TRANSPLANTATION AND CELLULAR ENGINEERING
Pilot analysis of cytokines levels in stored granulocyte–colony-stimulating factor–mobilized peripheral blood stem cell concentrates
Article first published online: 18 MAY 2010
© 2010 American Association of Blood Banks
Volume 50, Issue 9, pages 2011–2015, September 2010
How to Cite
Woods, I., Tawab-Amiri, A., Byrne, K., Sabatino, M. and Stroncek, D. F. (2010), Pilot analysis of cytokines levels in stored granulocyte–colony-stimulating factor–mobilized peripheral blood stem cell concentrates. Transfusion, 50: 2011–2015. doi: 10.1111/j.1537-2995.2010.02695.x
- Issue published online: 1 SEP 2010
- Article first published online: 18 MAY 2010
- Received for publication November 20, 2009; revision received February 24, 2010, and accepted March 3, 2010.
BACKGROUND: The transfusion of peripheral blood stem cell (PBSC) concentrates is sometimes associated with febrile transfusion reactions. PBSC concentrates contain large numbers of white blood cells, and during storage the levels of soluble cytokines that could cause transfusion reactions may increase.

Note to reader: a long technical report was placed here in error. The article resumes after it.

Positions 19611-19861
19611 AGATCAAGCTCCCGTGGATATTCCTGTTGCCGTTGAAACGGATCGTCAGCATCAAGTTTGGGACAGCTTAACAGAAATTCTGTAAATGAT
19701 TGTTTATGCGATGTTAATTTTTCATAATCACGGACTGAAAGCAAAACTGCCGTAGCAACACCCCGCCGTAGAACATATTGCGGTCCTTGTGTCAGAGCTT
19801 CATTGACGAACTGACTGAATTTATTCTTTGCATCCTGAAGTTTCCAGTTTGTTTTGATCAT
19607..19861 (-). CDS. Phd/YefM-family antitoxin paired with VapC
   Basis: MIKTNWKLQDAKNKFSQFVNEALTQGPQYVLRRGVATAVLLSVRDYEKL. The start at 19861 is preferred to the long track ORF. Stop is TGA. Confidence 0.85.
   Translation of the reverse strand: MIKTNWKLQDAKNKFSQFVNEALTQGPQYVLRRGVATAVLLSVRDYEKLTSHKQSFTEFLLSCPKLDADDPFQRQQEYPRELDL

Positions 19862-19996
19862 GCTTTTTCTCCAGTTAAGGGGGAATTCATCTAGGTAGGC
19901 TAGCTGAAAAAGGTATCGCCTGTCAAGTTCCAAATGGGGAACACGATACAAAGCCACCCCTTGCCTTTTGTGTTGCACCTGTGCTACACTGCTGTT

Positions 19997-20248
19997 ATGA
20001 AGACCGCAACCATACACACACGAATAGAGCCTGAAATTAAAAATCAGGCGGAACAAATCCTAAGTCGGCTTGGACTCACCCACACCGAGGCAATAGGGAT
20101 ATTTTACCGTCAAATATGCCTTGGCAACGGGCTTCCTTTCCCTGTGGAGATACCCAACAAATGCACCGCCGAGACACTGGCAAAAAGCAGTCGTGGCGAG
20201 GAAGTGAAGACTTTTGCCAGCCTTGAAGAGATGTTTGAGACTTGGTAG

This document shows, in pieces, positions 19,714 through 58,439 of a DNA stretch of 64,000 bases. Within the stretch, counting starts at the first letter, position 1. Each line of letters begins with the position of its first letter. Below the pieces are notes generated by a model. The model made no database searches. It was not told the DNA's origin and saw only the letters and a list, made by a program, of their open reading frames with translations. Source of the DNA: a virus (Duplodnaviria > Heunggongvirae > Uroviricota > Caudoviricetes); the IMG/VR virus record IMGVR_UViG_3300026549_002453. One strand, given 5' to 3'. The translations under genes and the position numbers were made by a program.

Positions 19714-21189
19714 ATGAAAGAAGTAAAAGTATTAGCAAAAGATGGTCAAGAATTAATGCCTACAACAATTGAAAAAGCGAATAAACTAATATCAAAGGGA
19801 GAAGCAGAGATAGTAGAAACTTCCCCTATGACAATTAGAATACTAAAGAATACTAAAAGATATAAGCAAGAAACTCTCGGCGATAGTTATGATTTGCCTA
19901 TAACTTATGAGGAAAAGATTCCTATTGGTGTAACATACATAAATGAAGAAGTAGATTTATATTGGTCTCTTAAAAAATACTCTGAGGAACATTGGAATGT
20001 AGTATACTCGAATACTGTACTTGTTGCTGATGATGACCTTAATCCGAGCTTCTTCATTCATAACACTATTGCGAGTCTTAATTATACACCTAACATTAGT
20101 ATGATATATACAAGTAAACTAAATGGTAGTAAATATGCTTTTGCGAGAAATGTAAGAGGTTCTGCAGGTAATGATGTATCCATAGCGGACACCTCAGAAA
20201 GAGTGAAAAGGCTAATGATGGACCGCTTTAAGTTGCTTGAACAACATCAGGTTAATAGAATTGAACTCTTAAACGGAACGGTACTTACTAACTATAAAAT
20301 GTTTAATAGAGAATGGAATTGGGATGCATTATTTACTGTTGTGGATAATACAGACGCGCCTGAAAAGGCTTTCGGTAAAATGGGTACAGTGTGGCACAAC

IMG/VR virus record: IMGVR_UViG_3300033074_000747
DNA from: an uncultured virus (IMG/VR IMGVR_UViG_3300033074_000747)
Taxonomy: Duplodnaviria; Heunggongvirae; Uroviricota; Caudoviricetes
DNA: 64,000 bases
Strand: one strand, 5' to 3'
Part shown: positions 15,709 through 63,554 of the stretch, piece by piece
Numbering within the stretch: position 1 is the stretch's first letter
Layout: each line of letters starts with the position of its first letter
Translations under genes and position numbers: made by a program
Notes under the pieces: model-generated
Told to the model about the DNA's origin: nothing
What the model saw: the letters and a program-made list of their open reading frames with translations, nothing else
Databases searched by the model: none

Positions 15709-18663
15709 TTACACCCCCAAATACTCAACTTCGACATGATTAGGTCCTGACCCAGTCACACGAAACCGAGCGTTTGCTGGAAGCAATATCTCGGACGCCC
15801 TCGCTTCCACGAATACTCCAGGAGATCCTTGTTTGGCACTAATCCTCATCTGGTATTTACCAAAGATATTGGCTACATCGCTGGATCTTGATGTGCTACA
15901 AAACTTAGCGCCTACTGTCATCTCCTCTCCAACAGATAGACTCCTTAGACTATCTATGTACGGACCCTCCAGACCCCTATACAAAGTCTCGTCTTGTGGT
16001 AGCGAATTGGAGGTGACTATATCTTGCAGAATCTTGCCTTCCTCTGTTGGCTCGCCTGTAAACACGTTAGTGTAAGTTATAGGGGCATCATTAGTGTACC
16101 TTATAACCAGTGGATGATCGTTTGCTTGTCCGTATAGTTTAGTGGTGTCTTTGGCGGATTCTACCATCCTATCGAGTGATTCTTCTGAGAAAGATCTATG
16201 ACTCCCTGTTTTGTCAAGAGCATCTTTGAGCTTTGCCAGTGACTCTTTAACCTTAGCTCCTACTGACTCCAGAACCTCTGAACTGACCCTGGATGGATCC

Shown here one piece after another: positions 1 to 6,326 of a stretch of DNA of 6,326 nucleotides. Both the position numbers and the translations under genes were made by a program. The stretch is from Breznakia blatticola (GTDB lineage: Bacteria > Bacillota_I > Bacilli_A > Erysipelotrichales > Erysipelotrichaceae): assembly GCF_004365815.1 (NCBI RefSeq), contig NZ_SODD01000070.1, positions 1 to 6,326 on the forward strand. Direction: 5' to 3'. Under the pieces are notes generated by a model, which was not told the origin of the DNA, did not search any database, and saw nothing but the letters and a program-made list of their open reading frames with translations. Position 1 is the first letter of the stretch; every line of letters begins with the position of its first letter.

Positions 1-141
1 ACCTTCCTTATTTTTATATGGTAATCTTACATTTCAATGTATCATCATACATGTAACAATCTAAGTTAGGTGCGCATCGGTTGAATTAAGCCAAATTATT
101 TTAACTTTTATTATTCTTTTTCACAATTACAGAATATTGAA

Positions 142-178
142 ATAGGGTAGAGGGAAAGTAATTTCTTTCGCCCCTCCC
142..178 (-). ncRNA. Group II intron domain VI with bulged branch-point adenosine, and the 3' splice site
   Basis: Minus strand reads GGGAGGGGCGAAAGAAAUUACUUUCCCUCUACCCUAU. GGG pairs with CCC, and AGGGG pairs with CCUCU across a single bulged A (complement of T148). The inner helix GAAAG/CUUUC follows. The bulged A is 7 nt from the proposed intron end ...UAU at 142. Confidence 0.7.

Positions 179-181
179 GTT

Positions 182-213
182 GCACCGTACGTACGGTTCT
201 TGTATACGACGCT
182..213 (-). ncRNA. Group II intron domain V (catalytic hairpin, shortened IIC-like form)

STUDY DESIGN AND METHODS: Aliquots of granulocyte–colony-stimulating factor (CSF)–mobilized PBSC concentrates from nine healthy subjects were stored in bags at 2 to 8°C for 48 hours. The levels of 19 growth factors and biologic response modifiers were measured in the plasma of PBSC concentrates at 0, 24, and 48 hours of storage using a nested enzyme-linked immunosorbent assay. The same 19 factor levels were also measured in blood plasma from six healthy subjects.
RESULTS: There were no significant differences in the PBSC and plasma levels of soluble interleukin (IL)-1β, IL-6, and tumor necrosis factor (TNF)-α, which can cause febrile reactions. The levels of TGF-β1, matrix metalloproteinase-8, CCL5/(reduced on activation normal T expressed and secreted), and platelet (PLT)-derived growth factor-AB were significantly greater in PBSCs than in plasma and the level of CCL2/MCP-1 was significantly less in PBSCs. Duration of PBSC storage had no effect on the levels of these five factors. There was a trend for reduced levels of IL-1β, IL-2, IL-7, IL-8, IL-12p70, IL-15, interferon-γ, CD40L, and granulocyte-macrophage–CSF and increased levels of TNF-α and IL-10 levels in PBSC concentrates, but the differences were not significant.
CONCLUSIONS: There was no increase in stored PBSC concentrates of cytokines that have been associated with febrile transfusion reactions; however, the levels of other factors that were likely released by PLTs and granulocytes during the collection process were elevated.